I spent a day with a health van providing care to low-income New Yorkers, and it reveals a hidden safety net for thousands in the world's wealthiest city
- About 700,000 people in New York City don't have health insurance.
- The Community Healthcare Network is working to ensure that people without insurance can receive basic healthcare services.
- Founded in 1981, CHN has 14 federally qualified health centers in four boroughs and a fleet of vans that go to different neighborhoods throughout the city almost every day of the week.
- CHN says that it provides care for 85,000 New Yorkers annually and that 2,090 patients were seen in the vans over the past year.
- Business Insider spent a day with one of the vans in Manhattan's East Village to see how people without insurance get care in the wealthiest city in the world.
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New York City is the wealthiest city in the world. And yet more than half a million people in the city don't have health insurance.
A healthcare network whose mission is to "turn no one away" is working to ensure that people without insurance or who are undocumented can get basic health services.Founded in 1981, the Community Healthcare Network has 14 federally qualified health centers in four boroughs of New York City - Brooklyn, the Bronx, Queens, and Manhattan - that provide basic primary-care and sexual-health services.
It also has a fleet of four vans that go to different neighborhoods throughout the city most days of the week. CHN says that it sees 85,000 New Yorkers annually and that 2,090 patients were seen in the vans over the past year.
Health vans can go to where the patients are
While the vans see only a fraction of the patients the health clinics see, a CHN representative told Business Insider that the vans "bring care to people where people are," focusing on communities that have often gone without care.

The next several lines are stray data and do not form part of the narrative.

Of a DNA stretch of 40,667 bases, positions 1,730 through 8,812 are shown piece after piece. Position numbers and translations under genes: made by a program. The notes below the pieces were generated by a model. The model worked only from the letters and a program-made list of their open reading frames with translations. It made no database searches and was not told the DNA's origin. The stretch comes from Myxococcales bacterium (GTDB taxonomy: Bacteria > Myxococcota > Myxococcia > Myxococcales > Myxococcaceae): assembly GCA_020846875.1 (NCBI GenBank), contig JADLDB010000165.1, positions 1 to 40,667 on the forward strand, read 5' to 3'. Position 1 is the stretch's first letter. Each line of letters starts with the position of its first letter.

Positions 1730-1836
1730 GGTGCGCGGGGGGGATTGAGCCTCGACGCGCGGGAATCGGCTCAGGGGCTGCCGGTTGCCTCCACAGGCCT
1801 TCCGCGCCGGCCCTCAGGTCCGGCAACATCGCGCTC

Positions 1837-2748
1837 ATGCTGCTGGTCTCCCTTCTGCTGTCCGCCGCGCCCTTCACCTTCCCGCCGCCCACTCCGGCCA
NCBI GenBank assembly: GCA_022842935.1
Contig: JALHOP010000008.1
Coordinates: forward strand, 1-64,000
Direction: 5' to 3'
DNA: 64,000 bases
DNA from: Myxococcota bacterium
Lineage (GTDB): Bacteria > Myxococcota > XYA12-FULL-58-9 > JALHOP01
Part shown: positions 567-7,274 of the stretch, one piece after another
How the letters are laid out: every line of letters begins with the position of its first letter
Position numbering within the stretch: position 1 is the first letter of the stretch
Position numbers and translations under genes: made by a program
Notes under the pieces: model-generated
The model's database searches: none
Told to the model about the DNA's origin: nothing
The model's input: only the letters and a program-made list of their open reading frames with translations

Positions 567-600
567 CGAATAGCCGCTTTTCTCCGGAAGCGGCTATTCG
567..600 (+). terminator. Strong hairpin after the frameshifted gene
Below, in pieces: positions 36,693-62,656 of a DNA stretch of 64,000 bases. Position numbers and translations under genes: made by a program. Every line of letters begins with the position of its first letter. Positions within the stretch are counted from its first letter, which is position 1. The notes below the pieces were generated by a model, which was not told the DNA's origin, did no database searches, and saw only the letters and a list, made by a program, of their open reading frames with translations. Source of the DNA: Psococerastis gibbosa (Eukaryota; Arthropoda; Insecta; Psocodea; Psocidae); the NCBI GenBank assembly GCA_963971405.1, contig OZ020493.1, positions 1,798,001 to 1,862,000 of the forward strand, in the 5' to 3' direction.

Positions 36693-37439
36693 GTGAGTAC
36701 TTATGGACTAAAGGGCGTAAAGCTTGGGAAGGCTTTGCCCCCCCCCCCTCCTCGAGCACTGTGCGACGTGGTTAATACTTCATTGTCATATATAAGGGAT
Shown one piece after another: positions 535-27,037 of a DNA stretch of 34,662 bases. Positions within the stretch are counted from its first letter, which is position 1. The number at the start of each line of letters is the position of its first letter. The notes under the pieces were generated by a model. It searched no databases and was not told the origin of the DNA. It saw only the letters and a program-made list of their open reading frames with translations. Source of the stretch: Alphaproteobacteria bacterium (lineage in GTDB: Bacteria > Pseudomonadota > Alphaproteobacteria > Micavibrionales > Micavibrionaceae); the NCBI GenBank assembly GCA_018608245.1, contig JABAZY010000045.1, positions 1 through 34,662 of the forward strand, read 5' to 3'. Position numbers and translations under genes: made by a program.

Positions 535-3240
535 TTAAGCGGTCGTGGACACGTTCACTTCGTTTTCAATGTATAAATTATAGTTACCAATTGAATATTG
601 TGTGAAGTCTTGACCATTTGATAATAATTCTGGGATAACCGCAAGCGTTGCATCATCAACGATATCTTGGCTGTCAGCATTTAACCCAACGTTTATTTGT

The vans can bring care to areas that regular clinics don't reach. CHN cited recent examples of vans being sent to provide vaccines during the recent measles outbreak, going to hard-hit communities after Superstorm Sandy, and providing after-hours care at clubs and bars.
CEO Robert Hayes told Business Insider that the vans usually go to areas with more acute needs based on New York City health data. He also said that CHN works with other community centers and organizations in the city to coordinate scheduling and notify residents when a van will be in their neighborhood.
"The reality is we turn no one away. We accept any insurance," Hayes told Business Insider. "Under federal law, we are required to have a sliding fee scale based on their income. But we don't want that sliding fee to be a deterrent to people needing care. No matter what, they'll receive treatment."The vans are a sharp reminder of the inequality that persists in New York City. There were about 8,980 ultra-rich people living in New York in 2018, the most of any city in the world, Wealth-X said in its 2019 World Ultra Wealth Report. The group defines the ultra-wealthy as having a net worth of at least $30 million.
Business Insider spent the day with one of the vans at 14th Street and Second Avenue to take a closer look at how underserved populations get care in one of the world's wealthiest cities.